The draft guidance discusses the prerequisites for filing a petition for declaration and suggests information to be included in the petition. The following three prerequisites must be Start Printed Page 17563met in order to file a petition: (1) A civil suit has been filed in State or Federal court alleging that an implant directly or indirectly caused harm; (2) the suit was filed after August 13, 1998; and (3) the manufacturer of the implant was named as a party to the civil action. Petitioners are also requested to identify the final product and its intended use; the activities the supplier performs with respect to the device; and the name as well as the type of entity or person to which the supplier sends the device.
II. Significance of Guidance
This draft guidance document represents the agency’s current thinking on BAA98. It does not create or confer any rights for or on any person and does not operate to bind FDA or the public. An alternative approach may be used if such approach satisfies the applicable statutes and regulations.
The agency has adopted good guidance practices (GGP’s), and published the final rule, which set forth the agency’s regulations for the development, issuance, and use of guidance documents (21 CFR 10.115; 65 FR 56468, September 19, 2000). This draft guidance document is issued as a Level 1 guidance in accordance with the GGP regulations.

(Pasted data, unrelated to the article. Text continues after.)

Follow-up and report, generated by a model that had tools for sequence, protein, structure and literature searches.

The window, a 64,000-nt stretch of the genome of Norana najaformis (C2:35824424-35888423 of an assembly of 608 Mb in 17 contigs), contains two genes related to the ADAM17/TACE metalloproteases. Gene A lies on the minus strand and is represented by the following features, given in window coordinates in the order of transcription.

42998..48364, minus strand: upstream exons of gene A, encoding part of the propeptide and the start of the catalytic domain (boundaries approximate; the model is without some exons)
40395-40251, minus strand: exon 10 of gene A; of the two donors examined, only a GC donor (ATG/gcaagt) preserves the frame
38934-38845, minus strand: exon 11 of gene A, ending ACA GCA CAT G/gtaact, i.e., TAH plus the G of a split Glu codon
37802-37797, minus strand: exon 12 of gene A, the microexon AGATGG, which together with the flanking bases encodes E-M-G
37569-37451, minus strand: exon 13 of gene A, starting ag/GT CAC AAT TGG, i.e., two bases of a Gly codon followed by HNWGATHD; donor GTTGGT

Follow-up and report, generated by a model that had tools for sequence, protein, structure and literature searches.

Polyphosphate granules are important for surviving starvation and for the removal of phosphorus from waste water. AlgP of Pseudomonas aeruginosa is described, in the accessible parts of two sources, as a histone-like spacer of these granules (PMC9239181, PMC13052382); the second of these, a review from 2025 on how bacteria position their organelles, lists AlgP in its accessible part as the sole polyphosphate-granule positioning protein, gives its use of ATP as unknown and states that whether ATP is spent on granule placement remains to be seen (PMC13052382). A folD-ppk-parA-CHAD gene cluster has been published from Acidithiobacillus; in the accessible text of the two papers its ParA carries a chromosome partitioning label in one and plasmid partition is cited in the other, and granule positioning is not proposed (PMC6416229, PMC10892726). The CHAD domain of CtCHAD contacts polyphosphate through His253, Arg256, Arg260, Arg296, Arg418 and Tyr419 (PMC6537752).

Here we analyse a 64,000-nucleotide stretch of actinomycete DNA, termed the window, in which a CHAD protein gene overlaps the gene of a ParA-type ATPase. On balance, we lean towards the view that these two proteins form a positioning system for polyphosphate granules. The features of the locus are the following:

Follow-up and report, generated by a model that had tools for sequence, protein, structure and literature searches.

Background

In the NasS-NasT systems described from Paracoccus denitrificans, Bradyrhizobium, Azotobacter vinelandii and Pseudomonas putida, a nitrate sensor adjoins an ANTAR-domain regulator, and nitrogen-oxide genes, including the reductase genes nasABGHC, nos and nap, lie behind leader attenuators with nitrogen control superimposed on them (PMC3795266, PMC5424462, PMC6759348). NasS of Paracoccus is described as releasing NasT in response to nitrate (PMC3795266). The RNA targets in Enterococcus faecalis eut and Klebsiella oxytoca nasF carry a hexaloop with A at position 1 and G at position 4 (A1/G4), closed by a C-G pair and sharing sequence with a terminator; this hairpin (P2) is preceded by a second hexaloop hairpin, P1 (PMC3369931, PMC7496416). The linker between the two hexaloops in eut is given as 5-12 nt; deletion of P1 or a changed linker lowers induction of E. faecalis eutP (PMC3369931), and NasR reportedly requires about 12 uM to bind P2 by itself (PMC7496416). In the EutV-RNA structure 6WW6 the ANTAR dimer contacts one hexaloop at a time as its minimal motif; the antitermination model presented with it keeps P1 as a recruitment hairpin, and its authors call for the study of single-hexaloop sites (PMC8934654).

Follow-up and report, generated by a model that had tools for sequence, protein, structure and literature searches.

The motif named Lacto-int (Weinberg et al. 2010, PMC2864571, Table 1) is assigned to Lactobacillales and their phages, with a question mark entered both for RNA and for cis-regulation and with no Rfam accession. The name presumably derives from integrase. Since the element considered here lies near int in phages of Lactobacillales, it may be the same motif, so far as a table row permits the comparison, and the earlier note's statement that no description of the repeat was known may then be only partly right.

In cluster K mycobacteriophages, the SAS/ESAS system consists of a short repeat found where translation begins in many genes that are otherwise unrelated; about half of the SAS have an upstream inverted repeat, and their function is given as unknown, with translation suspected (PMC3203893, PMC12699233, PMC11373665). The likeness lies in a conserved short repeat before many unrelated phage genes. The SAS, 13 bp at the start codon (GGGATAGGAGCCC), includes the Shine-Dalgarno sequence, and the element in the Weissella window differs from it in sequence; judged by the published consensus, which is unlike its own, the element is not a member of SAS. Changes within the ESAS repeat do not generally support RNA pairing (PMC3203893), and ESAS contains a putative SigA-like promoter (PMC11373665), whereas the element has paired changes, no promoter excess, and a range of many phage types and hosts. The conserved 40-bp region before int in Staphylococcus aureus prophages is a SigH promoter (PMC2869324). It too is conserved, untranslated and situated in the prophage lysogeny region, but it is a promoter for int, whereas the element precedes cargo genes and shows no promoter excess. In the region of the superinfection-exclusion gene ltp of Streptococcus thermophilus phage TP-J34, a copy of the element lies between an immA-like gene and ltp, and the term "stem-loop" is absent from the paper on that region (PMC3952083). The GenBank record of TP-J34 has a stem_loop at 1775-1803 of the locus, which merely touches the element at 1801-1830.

III. Electronic Access
In order to receive a copy of the draft guidance entitled “Implementation of the Biomaterials Access Assurance Act of 1998” via your fax machine, call the CDRH Facts-On-Demand system at 800-899-0381 or 301-827-0111 from a touch-tone telephone. Press 1 to enter the system. At the second voice prompt press 1 to order a document. Enter the document number (1324) followed by the pound sign (#). Follow the remaining voice prompts to complete your request.
Persons interested in obtaining a copy of the draft guidance may also do so using the Internet. CDRH maintains an entry on the Internet for easy access to information including text, graphics, and files that may be downloaded to a personal computer with Internet access. Updated on a regular basis, the CDRH home page includes the civil money penalty guidance documents package, device safety alerts, Federal Register reprints, information on premarket submissions (including lists of approved applications and manufacturers' addresses), small manufacturers' assistance, information on video conferencing and electronic submissions, mammography matters, and other device-oriented information. The CDRH home page may be accessed at http://www.fda.gov/cdrh/comp/guidance/1324.pdf.
IV. Paperwork Reduction Act of 1995